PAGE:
March 14th, 2013

This is the first and longer of two additional recordings made with a second recorder, while my two consecutive 'main' chimes recordings were taking place at this spot.

On 5th March 2013 I took out with me a large and a small set of cheap bamboo chimes and three sets of quality metal wind chimes, to my regular field recording location for wind chimes - the Teign Gorge, Drewsteignton, Devon, UK. On this occasion, for the first hour of my walk-in from Drewsteignton, I was greeted by unexpected lack of wind altogether. Fine for recording birds, but not for the chimes! Then, rather resigning myself to recording birds-only, and to my chimes being just a tiresome dead-weight, out on the long mostly open and relatively level stretch of the Hunter's Path, high up on the north side of the steep sided valley, I noticed a particular nicely situated stunted oak tree that seemed to be beckoning me, pointing out to me that it had a nice arrangement of suitable branches, which would enable me to get the right balance between the different sets of chimes. All very well, but of course just for noting to use another time, for right now I'd look silly trying to record chimes with no wind! - Well, except that just that moment breaths of wind started coming on, just enough to make twigs move. And so it was that I set up here, with the wind gradually getting up and actually giving me a lovely performance from the chimes after all.

There was more than one fly in the ointment, however, for a whole succession of mostly high-altitude aeroplanes came over, so I had to cut out quite a number of bits in this recording, and still there are some brief bits of very distant aeroplane sound in the edited recording - and also, there must have been a tractor at work in the field that tops the hill on this side, for I could hear a quiet sort-of nag-nag-nagging of very low frequency motor noise, which could not sensibly all be removed from the recordings. Despite that, though, I ended up with four very beautiful recordings from this spot - two 'main' chimes recordings, and then two natural soundscape recordings with the chimes at a distance.

As already noted, this is the first and longer of the two 'distant' recordings, and for this I used a Joby GorillaPod to seat the recorder on a tree branch on the other (uphill) side of the Hunter's Path, just a little further along, so probably about 25 metres from the 'main' chimes recorder position. It is thus a particularly quiet recording, and it would be a mistake to turn the volume up for this. I left this recording running when I took down the Pluto chimes for the second 'main' recording, and because that meant an intrusive disturbance in this recording, I chose, rather than break this recording into two, to simply cut out the disturbance. So, part-way through, the tone of the chimes 'mysteriously' changes once the Pluto chimes are removed from the mix. You then hear just how intensely mysterious and melancholy the Gypsy chimes sound at a distance.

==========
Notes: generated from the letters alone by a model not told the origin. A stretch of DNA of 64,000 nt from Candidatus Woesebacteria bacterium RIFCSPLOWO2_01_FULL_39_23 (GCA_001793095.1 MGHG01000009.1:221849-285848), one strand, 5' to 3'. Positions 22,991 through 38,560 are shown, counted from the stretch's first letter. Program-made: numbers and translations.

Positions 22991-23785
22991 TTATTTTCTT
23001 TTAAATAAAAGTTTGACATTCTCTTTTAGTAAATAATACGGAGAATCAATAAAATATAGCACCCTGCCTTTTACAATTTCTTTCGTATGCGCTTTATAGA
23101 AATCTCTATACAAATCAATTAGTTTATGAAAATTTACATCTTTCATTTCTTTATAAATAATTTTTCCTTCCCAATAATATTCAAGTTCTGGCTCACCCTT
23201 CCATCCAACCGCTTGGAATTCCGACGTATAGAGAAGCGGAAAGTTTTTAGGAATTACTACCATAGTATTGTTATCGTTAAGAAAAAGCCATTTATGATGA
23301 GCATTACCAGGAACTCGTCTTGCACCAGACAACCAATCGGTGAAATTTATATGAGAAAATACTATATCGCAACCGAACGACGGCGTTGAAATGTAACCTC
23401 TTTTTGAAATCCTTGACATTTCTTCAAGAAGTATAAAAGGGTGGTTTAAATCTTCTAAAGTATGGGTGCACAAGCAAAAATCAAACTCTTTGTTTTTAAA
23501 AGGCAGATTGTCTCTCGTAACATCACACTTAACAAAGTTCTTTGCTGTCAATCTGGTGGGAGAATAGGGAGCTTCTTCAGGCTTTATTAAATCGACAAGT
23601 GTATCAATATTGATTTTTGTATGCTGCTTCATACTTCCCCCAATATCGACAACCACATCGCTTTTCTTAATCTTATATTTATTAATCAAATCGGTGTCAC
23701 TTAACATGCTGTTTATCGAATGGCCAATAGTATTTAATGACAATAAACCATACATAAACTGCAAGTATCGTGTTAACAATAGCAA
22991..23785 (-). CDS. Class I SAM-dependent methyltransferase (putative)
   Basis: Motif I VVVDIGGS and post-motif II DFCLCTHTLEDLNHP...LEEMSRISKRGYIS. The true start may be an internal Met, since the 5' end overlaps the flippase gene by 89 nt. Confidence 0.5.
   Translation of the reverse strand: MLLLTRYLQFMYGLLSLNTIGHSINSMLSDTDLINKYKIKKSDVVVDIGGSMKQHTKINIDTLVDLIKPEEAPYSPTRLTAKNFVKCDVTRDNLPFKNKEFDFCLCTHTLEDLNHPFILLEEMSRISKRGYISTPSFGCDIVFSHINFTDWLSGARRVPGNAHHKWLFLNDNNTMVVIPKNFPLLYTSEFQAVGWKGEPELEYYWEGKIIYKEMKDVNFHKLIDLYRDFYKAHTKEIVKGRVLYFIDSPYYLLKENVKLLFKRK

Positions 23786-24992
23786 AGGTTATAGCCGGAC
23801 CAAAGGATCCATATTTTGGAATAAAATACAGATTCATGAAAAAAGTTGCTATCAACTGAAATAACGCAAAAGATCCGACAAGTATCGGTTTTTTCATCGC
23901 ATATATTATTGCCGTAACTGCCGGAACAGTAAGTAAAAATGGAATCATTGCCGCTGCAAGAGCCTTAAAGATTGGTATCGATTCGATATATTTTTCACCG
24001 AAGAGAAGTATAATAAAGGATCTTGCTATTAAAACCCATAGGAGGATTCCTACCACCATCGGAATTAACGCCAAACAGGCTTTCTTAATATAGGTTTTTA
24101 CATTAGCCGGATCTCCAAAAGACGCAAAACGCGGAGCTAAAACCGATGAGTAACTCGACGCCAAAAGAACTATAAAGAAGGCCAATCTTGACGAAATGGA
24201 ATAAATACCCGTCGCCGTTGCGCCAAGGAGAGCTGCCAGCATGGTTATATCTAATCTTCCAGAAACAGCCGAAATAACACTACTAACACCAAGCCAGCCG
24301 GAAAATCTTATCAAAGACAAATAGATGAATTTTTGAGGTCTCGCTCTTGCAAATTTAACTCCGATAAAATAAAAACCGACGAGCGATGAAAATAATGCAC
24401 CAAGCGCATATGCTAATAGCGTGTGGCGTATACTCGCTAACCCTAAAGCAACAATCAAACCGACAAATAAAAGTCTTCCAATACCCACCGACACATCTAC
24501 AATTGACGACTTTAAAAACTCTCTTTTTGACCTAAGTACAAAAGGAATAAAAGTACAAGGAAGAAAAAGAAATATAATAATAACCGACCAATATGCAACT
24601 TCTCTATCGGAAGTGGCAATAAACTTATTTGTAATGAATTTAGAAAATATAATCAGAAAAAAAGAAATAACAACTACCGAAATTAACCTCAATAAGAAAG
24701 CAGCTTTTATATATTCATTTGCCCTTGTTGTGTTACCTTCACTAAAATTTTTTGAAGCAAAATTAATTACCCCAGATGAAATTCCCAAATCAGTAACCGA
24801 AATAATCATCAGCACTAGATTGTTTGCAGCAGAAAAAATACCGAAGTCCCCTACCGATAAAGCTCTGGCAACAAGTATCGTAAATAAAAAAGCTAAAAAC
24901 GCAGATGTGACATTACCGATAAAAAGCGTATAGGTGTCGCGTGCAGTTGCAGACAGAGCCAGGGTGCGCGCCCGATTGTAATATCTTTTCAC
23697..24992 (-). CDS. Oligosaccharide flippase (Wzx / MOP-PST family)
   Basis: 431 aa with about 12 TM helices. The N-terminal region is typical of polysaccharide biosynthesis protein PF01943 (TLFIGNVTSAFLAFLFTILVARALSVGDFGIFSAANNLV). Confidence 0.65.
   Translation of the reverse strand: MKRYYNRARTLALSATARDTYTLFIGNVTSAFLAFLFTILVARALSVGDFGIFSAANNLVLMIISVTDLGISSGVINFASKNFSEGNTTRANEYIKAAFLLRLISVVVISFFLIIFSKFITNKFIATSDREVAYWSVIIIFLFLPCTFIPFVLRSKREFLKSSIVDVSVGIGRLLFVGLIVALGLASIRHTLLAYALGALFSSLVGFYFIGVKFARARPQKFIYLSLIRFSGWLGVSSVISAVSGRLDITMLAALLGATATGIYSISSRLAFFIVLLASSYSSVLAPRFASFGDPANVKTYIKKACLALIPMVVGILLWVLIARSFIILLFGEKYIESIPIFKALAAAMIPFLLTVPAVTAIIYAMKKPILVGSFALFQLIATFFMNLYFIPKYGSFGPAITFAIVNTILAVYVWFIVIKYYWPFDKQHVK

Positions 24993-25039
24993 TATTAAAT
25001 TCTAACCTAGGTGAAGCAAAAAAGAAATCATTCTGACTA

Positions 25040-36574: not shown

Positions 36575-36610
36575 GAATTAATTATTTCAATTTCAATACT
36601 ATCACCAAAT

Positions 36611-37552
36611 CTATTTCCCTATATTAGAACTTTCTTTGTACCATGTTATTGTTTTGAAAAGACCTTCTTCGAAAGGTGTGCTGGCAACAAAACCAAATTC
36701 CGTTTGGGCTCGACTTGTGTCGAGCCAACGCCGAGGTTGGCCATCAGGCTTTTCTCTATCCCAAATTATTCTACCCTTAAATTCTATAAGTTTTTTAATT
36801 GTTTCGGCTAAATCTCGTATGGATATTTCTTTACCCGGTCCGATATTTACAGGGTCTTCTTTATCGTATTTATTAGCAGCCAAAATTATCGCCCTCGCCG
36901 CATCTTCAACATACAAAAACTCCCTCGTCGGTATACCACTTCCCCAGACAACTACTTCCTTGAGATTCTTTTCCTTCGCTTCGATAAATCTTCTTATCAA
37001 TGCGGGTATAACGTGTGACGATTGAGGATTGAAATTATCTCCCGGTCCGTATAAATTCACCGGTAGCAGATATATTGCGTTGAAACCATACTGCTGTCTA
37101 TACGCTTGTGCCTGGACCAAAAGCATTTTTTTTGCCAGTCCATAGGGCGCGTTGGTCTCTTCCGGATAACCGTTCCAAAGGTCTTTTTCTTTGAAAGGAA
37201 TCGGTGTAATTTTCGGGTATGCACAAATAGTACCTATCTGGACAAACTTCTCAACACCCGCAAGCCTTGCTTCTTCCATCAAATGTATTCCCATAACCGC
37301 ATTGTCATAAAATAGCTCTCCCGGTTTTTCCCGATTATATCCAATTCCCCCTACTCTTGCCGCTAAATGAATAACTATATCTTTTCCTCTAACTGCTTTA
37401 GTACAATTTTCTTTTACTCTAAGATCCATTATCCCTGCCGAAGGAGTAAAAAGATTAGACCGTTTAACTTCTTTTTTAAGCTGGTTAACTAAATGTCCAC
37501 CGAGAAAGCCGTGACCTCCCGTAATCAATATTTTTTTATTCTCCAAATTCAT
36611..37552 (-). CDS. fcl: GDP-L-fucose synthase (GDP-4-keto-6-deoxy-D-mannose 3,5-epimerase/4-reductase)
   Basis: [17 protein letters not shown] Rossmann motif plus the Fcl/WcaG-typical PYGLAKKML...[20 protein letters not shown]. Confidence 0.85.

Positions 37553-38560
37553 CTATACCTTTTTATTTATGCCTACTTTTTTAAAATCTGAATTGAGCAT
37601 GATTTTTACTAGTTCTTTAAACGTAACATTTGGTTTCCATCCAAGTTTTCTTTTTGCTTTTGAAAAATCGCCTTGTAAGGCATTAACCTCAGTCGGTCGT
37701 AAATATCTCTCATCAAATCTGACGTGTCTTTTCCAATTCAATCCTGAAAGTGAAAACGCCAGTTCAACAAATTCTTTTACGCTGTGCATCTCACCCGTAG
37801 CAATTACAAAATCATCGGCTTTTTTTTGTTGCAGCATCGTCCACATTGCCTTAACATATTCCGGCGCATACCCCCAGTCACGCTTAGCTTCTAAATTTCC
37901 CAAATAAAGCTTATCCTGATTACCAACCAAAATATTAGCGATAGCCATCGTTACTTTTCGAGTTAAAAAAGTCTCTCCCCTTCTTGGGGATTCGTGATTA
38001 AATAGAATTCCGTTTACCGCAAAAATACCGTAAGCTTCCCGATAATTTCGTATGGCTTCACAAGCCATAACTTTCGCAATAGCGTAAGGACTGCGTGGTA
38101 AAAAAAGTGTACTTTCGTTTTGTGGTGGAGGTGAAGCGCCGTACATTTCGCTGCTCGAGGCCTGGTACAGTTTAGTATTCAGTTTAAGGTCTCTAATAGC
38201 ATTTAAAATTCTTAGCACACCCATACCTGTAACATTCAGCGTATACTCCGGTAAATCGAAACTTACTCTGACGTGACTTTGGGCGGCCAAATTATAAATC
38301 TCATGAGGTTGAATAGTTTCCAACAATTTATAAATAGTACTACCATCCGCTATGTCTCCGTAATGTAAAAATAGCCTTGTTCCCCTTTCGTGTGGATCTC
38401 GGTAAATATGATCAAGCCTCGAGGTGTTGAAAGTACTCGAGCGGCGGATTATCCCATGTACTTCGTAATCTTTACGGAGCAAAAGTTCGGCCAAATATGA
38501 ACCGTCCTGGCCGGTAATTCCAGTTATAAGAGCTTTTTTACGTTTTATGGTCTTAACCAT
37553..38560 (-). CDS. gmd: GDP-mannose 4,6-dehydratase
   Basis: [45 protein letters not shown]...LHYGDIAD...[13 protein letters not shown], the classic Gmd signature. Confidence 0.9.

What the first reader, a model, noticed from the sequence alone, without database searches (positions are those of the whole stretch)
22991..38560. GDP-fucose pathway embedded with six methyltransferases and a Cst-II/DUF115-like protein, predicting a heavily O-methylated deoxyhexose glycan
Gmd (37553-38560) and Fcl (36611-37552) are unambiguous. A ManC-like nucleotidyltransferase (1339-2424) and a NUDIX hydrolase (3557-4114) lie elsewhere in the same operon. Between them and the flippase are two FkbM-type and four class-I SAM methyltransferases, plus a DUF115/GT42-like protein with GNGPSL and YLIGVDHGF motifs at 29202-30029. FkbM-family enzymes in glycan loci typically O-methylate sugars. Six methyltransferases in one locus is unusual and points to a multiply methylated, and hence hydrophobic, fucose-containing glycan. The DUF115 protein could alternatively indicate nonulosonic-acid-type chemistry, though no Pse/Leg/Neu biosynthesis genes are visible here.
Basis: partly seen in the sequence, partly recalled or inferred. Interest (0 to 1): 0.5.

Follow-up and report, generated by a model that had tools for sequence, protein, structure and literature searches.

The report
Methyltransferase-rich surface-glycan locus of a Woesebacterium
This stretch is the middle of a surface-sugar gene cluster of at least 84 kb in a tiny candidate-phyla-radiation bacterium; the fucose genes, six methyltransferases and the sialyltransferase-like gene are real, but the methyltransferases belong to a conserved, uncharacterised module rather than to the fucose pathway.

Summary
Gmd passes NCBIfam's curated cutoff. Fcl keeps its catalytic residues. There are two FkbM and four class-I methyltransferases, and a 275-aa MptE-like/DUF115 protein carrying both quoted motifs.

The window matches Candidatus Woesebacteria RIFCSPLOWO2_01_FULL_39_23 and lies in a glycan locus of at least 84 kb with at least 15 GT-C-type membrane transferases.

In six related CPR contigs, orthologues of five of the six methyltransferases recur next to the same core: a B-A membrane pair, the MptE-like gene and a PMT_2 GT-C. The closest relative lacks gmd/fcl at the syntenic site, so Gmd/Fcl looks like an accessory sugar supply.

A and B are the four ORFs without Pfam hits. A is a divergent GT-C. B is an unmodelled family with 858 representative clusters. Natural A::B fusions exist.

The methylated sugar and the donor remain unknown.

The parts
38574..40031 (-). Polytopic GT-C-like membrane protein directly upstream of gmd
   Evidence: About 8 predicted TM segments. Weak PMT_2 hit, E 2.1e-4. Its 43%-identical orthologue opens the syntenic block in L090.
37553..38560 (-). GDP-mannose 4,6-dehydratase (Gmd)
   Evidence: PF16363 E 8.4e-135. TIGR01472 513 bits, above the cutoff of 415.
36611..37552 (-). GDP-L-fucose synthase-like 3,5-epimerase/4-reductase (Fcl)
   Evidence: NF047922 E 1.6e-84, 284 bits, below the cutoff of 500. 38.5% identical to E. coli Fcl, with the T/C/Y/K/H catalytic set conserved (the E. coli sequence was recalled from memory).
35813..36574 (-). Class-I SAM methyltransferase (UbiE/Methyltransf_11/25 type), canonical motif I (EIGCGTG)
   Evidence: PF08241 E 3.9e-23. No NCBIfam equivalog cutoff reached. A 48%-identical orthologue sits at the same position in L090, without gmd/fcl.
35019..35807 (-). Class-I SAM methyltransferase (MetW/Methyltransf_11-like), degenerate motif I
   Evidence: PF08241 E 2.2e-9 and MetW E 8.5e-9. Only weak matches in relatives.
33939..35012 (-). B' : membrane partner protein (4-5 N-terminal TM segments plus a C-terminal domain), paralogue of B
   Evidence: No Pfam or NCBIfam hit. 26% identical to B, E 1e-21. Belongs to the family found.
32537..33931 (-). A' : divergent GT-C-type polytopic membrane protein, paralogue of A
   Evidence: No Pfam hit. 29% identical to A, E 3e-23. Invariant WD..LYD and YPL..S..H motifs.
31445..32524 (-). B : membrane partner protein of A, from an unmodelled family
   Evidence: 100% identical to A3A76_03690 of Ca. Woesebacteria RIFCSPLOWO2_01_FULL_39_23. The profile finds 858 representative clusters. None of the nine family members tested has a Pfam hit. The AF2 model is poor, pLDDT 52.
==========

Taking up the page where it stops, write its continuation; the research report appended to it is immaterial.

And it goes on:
The chimes used are bamboo chimes, large and small set (imprecisely tuned to a semblance of the whole tone scale), Woodstock Chimes of Pluto (tuned to a radiant 'happy' pentatonic scale), and Music of the Spheres Gypsy Chimes, Mezzo and Soprano sizes (tuned to a troubled and melancholy-sounding Eastern European Gypsy scale). The combination of the metal chimes sounds remarkably different from either on their own, and is very beautiful indeed.

As for the birds in this recording, I am unable to name them all (as yet), though chaffinch, skylark, raven, pheasant and many others did figure. However, they sang less and less during my session at this position, so, rather late in the recording session, I then moved this recorder to a still more distant position further along the path (probably some 40-50 metres away) for the second and much shorter 'distant' recording.

This is a 5-minute excerpt from the full 30 minutes' recording.

(Later note: This recording - with better sound than here - is on one of my commercial CDs, and can be found in my e-Store.)

This photo shows the second of the 'main' recordings taking place. Note the placement of the Gypsy chimes distinctly further back than the bamboo chimes, and the recorder fairly well back from them all in order to get a good balance.

Recording made with a Sony PCM-M10 on a Joby GorillaPod, using the built-in microphones covered with a Rode Dead Kitten windshield. I have used Audacity to apply a custom EQ profile to correct for the high frequency muffling caused by the windshield, and also to correct for an audible 'hump' in the lower bass frequencies, which I get in ALL my recordings prior to processing.

** Please remember to give this recording a rating! http://www.broad-horizon-nature.co.uk/me-icon_wink.gif **


This sound has not been commented on yet, be the first to comment!

Please log in to comment

  • Currently /5 Stars.
Flac (.flac)
26.0 MB
44100.0 Hz
16 bit
Sound illegal or offensive? Flag it!